Friday, 21 August 2009

The Writer's Life

I'm currently hiding away in Wales with George my dog (see pic from gonzopix; no, it's not snowing, that was last autumn). After my morning's writing we walk along the river and up the cycle path to Caernafon (jolly families breezing past on their bikes, passengers on the steam railway daring to raise their hands in just a tiny little wave...) The castle suddenly rises up in front of you like a child's fort - and then the sound of the fairground in the square, a sort of Eurovision voice: 'Ladies and gentleman please, our ride is about to begin!' You'd expect the square to be pedestrianised, but in fact cars -I mean REAL cars cutting through town - weave in between the fairground rides. The locals all hang about outside the bank waiting to see if a tourist gets hit.

On the way home George pauses at exactly the same spot, climbs onto the wall and looks down at the river. He sees something we don't see; and also dogs are creatures of habit, just like the Writer, who is hard at work on The Institute which is turning out to be - crikey - a novel. By the time I get back I'm covered with scratches, my clothes are torn, my hands numbed by nettles. What kind of hard wiring makes me do this? I can't stop myself. I'd risk my life for blackberries - and they're not that great, not as if they were raspberries. I think it's some kind of primate behaviour, like certain sorts of grooming habits; lets not get into details. Oh but they are irresistible, glowing in the hedges like jewels....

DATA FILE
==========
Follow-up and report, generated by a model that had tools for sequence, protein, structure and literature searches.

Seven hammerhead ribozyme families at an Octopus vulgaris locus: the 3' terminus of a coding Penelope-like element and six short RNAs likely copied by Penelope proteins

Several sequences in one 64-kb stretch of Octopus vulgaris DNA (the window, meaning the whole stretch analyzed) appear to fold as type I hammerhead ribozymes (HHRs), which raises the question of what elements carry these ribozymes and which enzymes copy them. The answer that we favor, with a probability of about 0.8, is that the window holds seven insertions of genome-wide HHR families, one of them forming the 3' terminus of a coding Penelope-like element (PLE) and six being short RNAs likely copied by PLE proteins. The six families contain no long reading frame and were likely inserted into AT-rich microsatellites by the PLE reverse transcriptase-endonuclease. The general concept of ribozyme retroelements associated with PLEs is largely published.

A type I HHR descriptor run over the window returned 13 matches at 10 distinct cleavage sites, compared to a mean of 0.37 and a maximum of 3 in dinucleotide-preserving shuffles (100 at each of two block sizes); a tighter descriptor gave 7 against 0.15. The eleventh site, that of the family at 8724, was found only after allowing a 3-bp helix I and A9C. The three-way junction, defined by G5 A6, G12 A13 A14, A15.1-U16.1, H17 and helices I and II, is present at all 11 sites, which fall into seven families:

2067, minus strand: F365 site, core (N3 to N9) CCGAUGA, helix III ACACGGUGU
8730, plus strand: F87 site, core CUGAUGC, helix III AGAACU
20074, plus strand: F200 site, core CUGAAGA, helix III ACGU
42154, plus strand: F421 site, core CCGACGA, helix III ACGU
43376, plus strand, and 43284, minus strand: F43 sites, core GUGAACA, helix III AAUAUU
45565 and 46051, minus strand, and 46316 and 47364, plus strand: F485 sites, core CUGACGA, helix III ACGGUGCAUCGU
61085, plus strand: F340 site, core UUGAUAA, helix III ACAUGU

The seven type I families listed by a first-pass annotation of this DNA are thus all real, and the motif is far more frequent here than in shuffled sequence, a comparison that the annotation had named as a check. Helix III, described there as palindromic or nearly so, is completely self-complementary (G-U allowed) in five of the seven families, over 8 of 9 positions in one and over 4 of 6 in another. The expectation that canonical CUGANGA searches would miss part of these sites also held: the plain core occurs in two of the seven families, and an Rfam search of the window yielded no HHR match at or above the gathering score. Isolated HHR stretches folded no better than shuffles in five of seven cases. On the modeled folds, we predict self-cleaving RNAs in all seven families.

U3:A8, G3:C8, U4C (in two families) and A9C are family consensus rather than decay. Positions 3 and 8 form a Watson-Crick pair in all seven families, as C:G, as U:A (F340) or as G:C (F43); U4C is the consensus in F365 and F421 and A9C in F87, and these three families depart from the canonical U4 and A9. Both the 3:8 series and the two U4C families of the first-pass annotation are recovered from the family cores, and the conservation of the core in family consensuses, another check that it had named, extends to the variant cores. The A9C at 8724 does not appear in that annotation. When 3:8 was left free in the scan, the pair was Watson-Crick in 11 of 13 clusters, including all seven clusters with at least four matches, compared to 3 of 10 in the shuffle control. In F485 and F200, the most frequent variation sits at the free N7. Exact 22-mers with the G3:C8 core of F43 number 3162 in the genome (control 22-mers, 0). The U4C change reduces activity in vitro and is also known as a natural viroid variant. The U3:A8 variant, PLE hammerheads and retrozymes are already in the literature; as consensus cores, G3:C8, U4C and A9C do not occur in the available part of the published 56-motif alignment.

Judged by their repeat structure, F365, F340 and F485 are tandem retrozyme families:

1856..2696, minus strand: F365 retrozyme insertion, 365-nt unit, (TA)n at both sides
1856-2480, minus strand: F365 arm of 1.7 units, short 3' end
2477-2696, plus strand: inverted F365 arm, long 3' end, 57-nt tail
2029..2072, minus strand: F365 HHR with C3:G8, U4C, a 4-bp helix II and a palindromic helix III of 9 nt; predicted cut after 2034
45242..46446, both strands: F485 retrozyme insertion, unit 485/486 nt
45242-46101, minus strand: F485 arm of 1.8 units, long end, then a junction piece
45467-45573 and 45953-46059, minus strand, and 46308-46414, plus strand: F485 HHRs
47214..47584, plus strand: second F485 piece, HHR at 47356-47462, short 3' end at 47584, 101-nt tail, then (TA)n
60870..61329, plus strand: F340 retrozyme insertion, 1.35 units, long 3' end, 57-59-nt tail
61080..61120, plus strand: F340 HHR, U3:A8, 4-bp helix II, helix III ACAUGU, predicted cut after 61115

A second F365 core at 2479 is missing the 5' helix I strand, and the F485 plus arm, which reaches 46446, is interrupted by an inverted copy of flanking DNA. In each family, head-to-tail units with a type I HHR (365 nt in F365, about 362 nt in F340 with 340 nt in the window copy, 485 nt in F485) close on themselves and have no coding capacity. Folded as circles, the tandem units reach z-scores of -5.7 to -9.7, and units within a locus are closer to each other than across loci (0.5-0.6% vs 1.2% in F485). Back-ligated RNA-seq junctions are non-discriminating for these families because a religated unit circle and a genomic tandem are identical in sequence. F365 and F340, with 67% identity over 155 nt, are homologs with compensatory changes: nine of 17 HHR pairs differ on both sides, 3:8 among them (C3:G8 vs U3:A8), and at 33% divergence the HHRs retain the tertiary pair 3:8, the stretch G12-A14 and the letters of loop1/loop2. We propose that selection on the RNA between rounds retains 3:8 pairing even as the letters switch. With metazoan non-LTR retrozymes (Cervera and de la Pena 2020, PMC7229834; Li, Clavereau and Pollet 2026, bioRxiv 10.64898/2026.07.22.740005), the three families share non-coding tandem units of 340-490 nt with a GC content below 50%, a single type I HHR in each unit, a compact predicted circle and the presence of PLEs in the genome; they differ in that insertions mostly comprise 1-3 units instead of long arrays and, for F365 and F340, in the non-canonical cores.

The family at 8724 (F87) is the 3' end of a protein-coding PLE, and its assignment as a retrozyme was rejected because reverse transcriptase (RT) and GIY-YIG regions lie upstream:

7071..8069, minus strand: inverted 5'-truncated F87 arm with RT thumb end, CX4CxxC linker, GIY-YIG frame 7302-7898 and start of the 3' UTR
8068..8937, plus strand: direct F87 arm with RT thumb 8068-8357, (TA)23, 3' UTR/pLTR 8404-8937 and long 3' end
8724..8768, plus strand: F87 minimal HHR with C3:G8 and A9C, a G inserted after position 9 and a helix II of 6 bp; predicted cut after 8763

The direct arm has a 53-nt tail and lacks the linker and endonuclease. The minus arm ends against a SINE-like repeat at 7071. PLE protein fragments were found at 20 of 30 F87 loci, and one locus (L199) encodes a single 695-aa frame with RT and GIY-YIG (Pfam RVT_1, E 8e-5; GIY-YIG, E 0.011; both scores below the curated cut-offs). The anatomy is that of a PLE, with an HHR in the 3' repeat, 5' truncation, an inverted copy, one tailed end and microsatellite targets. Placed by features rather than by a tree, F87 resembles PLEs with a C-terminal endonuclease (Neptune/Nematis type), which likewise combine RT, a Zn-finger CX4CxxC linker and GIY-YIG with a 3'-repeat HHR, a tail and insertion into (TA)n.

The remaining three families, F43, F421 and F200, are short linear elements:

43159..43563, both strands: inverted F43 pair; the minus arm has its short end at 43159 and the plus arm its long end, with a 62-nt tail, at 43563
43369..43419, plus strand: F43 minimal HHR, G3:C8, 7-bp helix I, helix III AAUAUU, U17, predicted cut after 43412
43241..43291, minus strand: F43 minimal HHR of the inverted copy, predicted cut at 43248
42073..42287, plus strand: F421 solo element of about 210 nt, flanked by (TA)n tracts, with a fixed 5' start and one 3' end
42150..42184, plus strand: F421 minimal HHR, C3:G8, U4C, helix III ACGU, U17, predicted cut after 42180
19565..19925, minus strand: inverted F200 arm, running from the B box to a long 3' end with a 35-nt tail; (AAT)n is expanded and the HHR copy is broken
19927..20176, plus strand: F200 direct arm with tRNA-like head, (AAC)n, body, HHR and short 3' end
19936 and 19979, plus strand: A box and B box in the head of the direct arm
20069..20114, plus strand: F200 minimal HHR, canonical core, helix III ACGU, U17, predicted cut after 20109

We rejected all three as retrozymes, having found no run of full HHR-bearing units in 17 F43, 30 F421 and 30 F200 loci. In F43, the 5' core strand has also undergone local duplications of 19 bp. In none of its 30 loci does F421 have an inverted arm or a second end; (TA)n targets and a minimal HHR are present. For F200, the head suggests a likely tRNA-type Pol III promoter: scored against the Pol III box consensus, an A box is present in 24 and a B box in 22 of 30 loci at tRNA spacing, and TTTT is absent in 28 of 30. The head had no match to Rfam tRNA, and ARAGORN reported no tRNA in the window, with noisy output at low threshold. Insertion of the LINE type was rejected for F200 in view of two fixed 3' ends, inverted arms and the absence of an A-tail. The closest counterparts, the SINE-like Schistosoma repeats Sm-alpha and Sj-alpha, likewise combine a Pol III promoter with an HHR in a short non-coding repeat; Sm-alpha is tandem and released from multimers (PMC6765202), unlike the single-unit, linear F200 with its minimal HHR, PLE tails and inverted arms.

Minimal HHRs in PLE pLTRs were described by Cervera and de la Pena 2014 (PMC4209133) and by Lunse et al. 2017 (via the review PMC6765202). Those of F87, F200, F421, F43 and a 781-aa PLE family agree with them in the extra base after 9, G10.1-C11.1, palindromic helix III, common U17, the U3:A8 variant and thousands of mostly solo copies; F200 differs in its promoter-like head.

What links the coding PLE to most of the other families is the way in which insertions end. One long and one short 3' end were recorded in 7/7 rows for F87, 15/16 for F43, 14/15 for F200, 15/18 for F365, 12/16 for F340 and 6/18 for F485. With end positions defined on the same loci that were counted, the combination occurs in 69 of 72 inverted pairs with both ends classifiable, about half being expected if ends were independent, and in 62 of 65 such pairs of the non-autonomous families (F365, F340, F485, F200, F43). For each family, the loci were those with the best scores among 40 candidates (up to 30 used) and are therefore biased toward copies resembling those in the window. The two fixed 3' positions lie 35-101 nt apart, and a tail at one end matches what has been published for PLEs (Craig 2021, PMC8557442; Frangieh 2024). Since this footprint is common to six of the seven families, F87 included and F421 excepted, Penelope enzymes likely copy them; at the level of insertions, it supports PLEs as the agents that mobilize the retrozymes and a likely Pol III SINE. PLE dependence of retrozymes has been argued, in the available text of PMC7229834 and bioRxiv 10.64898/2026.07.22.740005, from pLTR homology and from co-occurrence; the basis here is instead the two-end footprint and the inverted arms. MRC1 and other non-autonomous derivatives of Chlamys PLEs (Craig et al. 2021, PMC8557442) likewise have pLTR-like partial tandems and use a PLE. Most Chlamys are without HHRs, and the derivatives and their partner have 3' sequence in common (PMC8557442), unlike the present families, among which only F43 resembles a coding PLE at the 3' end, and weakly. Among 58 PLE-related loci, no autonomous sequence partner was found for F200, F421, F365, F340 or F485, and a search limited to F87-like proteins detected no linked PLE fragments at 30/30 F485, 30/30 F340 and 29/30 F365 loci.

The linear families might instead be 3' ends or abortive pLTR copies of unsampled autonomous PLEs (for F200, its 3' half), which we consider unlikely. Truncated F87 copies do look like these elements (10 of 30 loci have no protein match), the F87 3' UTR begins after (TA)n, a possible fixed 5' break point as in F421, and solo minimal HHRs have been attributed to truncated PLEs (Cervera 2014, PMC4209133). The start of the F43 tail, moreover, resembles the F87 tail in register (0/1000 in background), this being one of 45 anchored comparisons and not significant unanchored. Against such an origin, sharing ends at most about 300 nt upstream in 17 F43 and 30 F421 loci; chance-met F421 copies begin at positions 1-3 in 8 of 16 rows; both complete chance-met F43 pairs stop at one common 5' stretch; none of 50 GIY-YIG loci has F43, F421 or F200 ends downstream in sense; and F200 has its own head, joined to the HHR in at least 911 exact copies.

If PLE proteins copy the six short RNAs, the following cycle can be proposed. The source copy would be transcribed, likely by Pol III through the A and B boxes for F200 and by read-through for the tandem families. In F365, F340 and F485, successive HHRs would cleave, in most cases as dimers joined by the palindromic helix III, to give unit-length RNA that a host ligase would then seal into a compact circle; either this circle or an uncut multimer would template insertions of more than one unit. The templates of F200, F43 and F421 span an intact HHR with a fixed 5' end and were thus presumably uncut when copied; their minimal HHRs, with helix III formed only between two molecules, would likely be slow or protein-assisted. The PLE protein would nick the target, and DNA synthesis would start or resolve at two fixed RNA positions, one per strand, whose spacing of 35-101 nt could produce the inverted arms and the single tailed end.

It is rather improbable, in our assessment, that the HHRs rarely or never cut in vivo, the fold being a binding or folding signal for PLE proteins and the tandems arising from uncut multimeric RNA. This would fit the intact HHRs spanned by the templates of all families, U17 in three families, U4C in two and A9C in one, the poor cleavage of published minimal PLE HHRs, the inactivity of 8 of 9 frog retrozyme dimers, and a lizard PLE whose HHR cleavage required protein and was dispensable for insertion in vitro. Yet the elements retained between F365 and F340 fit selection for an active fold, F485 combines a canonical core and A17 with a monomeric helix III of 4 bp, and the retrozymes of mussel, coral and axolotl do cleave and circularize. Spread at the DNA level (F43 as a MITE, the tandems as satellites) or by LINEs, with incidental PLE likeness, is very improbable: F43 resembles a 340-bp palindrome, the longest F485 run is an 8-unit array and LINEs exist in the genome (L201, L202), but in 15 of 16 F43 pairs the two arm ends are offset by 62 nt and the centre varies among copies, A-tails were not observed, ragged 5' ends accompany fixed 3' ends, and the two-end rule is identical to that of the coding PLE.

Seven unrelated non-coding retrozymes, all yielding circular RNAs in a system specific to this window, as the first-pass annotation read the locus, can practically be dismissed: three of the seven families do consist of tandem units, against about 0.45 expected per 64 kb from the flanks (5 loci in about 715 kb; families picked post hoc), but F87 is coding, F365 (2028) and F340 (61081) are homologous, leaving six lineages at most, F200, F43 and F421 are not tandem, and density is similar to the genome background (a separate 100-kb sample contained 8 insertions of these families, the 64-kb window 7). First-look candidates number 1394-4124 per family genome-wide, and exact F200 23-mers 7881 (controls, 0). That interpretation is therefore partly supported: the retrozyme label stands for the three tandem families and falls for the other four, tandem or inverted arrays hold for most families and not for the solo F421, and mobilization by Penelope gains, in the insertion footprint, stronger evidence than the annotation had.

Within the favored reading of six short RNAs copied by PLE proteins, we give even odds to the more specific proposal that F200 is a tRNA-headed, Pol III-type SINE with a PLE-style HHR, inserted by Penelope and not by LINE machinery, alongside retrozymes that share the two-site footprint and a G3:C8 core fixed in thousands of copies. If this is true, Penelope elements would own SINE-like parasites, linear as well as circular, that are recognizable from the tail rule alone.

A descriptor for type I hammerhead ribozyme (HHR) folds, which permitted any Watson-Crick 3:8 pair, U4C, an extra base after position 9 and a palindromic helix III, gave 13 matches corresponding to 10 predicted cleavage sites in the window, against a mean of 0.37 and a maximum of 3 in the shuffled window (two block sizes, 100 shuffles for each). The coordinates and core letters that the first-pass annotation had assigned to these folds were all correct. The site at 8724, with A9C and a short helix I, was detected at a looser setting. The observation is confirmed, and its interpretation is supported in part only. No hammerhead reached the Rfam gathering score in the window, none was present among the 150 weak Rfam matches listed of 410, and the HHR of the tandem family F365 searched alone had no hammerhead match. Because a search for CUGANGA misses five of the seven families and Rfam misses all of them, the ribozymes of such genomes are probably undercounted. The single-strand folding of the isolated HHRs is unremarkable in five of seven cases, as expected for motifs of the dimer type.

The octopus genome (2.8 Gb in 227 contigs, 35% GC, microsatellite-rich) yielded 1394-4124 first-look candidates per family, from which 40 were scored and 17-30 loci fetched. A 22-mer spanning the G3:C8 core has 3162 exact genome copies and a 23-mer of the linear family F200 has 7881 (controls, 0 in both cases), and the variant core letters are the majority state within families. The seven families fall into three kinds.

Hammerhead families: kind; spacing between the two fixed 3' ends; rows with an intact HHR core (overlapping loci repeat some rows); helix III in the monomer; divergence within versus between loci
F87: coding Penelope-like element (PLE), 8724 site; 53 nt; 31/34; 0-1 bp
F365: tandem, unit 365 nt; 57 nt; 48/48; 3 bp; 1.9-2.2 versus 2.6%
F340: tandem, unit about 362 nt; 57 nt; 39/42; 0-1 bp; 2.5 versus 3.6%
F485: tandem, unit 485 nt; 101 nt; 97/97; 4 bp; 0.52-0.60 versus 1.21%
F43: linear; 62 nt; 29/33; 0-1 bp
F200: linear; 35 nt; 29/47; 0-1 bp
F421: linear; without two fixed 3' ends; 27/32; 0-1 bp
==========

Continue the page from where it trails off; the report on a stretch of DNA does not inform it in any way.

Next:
Thursday, 20 August 2009

Storm over Dollarton

The Malcolm Lowry Centenary conference is almost a month ago now. There were three other Brits there (not counting RICHARD J LANE of Vancouver Island University), outnumbered by the French who seem more likely to have studied Lowry than most UK scholars. Apparently there was a French writers’ conference about him last year. On the last night, a yellow school bus drove us to Dollarton, where Lowry once lived in a ramshackle hut by the shore. That week had been hot and dry, but the rain was falling as we set off and by the time we crossed into North Vancouver the sky was sulphurous, and a great fork of lightening hit the towers of the city. We got there, sat in the bus listening to the rain for a few seconds and then we all got out. We were Lowry nuts. We were geeks. (Even the Lacanians were basically geeks.) We were the Malcolm Lowry Fan Club and nothing was going to stop us wandering through the forest in a storm straight out of Under the Volcano.

Thanks to Miguel Mota for the little ipods playing us sounds and memories from Lowry’s time at Dollarton, and for the mescal we drank as we listened to the passage from ‘The Forest Path to the Spring’:

‘…and the rain itself was water from the sea, as my wife first taught me, raised to heaven by the sun, transformed into clouds, and falling again into the sea. While within the inlet itself the tides and currents in that sea returned, became remote, and becoming remote, like that which is called the Tao, returned again as we ourselves had done.’ has lots of Lowry material and links to more. The Book Club at the New Yorker has been reading Under the Volcano during August, and there are some great stories from old and new converts to the experience on The Book Club : The New Yorker.